This little beauty, bootlegger Roy Taylor, was captured and put behind bars,
arrested on December 9,1920 for distilling moonshine. It was during the time of Prohibition and three Indianapolis police officers had raided a farm just outside the city, where they confiscated a large still, thirty-eight gallons of "white mule" whiskey, one gallon of malt, fifteen pounds of flour,
a hundred pounds of corn sugar, and two hundred gallons of mash.
Taylor later pleaded guilty to operating an illegal saloon, was fined $100,
and sentenced to serve 120 days at the Indiana State Penal Farm.
Mr. Taylor, who is otherwise unemployed, distilled the whiskey
as a way to earn money to support his family.*
These photos were taken at the Indiana Historical Society exhibit,
You Are There 1920: Busted! Prohibition Enforced,
which is a recreation of the Indianapolis police headquarters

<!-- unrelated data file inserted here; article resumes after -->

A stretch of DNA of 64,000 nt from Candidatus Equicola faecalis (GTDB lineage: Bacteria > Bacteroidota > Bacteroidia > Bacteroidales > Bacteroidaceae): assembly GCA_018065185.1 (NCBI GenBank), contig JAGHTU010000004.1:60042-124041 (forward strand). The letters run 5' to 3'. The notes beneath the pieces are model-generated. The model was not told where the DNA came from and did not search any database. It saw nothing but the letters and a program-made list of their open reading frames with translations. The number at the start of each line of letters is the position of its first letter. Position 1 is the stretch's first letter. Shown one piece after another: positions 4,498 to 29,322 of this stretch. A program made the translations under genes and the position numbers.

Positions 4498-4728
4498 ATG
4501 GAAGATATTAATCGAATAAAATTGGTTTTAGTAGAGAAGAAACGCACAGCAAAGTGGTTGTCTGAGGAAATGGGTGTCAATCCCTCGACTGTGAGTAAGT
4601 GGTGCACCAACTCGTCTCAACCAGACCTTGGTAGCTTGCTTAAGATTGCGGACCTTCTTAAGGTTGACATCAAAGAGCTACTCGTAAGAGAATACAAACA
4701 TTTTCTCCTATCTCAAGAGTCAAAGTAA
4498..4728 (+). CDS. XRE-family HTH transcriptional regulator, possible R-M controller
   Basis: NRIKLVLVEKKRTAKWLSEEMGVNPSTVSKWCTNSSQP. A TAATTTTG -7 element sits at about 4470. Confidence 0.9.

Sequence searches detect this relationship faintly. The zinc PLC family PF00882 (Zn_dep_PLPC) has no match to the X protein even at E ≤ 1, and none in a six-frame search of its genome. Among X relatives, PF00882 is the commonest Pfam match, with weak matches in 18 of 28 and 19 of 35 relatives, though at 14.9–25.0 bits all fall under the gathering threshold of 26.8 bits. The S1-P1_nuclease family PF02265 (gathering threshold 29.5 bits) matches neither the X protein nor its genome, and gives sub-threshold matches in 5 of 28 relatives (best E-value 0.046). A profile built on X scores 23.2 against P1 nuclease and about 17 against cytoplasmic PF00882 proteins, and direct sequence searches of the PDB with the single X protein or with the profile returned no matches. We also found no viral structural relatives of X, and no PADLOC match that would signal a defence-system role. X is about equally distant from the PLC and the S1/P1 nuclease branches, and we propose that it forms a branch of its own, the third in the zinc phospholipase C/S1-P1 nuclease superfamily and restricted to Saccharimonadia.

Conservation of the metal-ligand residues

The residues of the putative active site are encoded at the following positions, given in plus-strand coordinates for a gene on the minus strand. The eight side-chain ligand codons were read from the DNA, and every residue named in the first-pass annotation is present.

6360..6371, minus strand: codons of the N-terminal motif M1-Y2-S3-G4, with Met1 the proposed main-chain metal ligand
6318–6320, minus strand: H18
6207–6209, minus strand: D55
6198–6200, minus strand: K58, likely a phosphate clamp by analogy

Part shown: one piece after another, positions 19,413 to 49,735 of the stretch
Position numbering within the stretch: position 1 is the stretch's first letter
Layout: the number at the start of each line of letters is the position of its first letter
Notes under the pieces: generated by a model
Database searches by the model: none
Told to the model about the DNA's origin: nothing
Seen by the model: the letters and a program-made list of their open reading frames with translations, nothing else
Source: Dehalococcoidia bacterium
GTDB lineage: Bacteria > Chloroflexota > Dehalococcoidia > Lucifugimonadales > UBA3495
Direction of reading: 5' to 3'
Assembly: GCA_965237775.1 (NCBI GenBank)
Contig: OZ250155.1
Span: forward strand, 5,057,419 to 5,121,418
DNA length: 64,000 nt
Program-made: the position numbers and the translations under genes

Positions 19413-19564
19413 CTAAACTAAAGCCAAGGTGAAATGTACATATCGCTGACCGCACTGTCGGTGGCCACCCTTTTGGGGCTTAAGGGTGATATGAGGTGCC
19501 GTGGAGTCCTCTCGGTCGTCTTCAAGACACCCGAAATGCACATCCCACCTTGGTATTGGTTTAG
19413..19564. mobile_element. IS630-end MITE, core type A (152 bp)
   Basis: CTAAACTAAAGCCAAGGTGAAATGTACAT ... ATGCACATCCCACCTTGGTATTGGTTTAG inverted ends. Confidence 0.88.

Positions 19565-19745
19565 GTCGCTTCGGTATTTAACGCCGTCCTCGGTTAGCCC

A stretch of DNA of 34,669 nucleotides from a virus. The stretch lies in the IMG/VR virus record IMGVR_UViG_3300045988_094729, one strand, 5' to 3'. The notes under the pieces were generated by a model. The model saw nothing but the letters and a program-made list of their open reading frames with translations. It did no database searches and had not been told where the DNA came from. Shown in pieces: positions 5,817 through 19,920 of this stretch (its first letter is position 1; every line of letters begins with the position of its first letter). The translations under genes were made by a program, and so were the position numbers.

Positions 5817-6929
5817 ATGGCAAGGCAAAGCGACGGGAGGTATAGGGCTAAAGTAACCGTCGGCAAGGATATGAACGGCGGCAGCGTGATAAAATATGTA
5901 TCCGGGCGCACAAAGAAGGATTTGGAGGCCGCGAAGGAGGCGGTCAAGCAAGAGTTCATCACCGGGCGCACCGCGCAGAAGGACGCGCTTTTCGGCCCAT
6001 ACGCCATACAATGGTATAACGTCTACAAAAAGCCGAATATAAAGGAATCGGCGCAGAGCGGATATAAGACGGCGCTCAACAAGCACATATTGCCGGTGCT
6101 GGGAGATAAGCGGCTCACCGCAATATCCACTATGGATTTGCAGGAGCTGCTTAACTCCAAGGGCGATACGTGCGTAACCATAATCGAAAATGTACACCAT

on the day they raided the farm at New Bethel, Indiana.
The exhibit explains how Prohibition resulted, in part, from an attitude of xenophobia and "nativism" which blamed immigrants, primarily
Germans, Irish and Scots for many of the crimes and
social concerns of the day -- high unemployment, urban decay,
health problems, delinquency and moral decline.
The exhibition asks visitors to draw comparisions with our attitudes
towards immigrants a hundred years ago and the manner in which
the same issues are addressed today.
*Information for this item was taken from
Lesson Plans: Prohibition Undertones, a publication of the
Indiana Historical Society, 2011
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